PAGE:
Argentinian diary products are all excellent. They taste quite different from American products, most likely because the cows have a different feed. Some day – I can only hope – they’ll start importing these products to the US and they’ll take it by storm.
I’m not a milk drinker, so I can’t comment on the milk – but butter and cream just taste better.
Yep, even mayo tastes better. It might be the eggs (not an egg eater, didn’t try them) but most likely it’s the oil they use: sunflower seed oil. I’m going to have to check at stores that carry Argentine products if they sell Argentine mayo as well.
I don’t exactly know why, but Argentine french fries are all yummy. They are usually on the thin side – a little bit fatter than your average McDonald fry – and non-coated. But I think the secret is, once again, the oil on which they are fried. On some cases it may be sunflower seed oil or grapeseed oil, but in others it’s just a comercial mixture.
They were in season when we first got there, and OH MY GOD – the little, totally ripe strawberries where unbelievable. It reminded me of why, as a kid, strawberries and cream was my favorite dessert to order at restaurants.
Need I say more?
As a kid I LOVED pollo al spiedo or rotisserie chicken. There was a deli kitty corner to our house and its amazing aroma teased me every time I’d go by. But it was a special treat which we could only have once in a while. No wonder, even now a rotisserie chicken costs U$6, pretty much the same as in the US and substantially more than beef. Rotisserie chickens are no longer widely available in Argentina, they’ve been supplanted by grilled chicken, but we had it a couple of times in Salta. And OH MY GOD, it was soooooooooooo good. Surely the marinades must be a reason, if I could only find those recipes.
Argentina’s croissants can be great – but they not always are. At the hands of the right bakery they can be heavenly, though.
These bite-size pastries often featuring dulce de leche are also a wonderful treat. They are expensive – often costing U$7-11 a kilo (depending of the bakery).
This typical Argentine treat consists of multiple layers of very thin phillo-like dough covered with dulce de leche. Again, it’s a matter of which bakery makes it, but at the hands of the right bakery it can be delicious. I had to bring a kilo of milhoja to my sister back from Argentina.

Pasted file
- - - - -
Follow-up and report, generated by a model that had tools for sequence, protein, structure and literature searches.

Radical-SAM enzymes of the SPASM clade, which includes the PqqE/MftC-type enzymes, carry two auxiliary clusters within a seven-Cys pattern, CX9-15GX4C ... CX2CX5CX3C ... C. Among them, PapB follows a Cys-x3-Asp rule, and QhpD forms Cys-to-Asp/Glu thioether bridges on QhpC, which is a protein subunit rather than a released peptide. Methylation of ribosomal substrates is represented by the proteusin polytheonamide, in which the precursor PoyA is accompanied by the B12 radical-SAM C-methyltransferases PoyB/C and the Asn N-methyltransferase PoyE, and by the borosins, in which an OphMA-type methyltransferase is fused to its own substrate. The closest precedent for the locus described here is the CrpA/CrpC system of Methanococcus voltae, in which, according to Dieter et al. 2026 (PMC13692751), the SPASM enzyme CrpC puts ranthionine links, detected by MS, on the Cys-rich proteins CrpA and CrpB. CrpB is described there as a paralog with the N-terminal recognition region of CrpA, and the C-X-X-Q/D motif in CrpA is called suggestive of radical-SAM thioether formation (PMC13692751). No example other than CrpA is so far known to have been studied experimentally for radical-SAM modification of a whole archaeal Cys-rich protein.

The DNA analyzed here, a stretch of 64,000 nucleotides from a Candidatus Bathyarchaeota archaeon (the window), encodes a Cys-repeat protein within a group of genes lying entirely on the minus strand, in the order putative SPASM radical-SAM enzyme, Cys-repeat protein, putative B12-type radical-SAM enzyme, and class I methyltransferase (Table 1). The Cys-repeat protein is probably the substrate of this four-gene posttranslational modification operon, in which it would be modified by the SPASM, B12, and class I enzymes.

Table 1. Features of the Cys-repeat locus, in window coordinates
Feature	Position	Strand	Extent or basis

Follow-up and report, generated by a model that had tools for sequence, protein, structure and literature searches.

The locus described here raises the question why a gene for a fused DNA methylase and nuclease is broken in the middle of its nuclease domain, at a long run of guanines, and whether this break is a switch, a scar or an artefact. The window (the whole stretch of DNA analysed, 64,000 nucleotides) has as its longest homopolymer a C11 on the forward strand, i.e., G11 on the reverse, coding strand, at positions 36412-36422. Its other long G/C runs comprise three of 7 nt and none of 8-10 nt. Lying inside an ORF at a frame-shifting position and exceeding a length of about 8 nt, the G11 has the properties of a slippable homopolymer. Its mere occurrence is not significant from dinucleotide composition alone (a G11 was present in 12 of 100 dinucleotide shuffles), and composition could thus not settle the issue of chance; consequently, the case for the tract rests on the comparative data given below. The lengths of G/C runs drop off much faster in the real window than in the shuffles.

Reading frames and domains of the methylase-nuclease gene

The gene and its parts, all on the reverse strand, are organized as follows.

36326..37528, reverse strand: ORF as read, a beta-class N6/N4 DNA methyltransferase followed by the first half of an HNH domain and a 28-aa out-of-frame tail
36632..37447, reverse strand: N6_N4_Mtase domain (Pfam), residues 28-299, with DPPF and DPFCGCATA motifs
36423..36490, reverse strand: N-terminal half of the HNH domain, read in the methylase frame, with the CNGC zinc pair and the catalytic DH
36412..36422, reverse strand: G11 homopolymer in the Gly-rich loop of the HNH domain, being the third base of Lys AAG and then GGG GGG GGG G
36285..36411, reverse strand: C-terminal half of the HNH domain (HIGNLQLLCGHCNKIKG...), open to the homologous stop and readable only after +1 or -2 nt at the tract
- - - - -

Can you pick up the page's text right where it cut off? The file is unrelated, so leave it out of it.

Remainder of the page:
This is another typical Argentine tea-time treat. It’s a rectangular cake of hard merengue and cream. Yummy.
They deserve a whole entry of their own. Stay tuned.
Bocaditos bonafide and cabsha
Yummy dulce de leche is covered by a thin layer of chocolate. I’m eating one as I write this. It’s heaven.
Dulce de leche
Argentine ice cream rocks. It’s lighter than American ice cream and with more intense flavors. Apparently this is because it has less air and less cream but I don’t really know. And of course, it’s made with Argentine milk which makes all the difference. It’s relatively expensive for Argentinians – one reason why ice cream was such a treat when I was a kid – with a kilo costing between $5-7 depending where you buy it.
Flavors are also significantly different from those available here. There is strawberry (choice of water or creme based), chocolate and vanilla, of course, but much better are dulce de leche granizado (dulce de leche with shaved dark chocolate), crema americana, sambayón, tramontana, mantecol and others. We ate ice cream at least once every day and I already miss it!
Paso de los Toros Pomelo Light
This is a diet grapefruit soda manufactured by Pepsico which is actually delicious. The regular version is quite good, but the light version, which is less sweet, is even better. If you like grapefruit soda, you’d go crazy over it. Alas, it’s not available in the US. Which is difficult to understand as it’s just sooooooooooooooooo good. Please, someone at Pepsi, bring it to the US!
Now, as for things that are not good in Argentina:
They suck, they are dry and lack flavor.
Just try to find cereal without sugar. I dare you. Try (OK, maybe a health food store, but not at the supermarket).
In Buenos Aires you can find a number of ethnic restaurants, but forget about having non-Argentinian food (other than Chinese or Spanish) almost anywhere else.
Vastly inferior to American or European chocolate.
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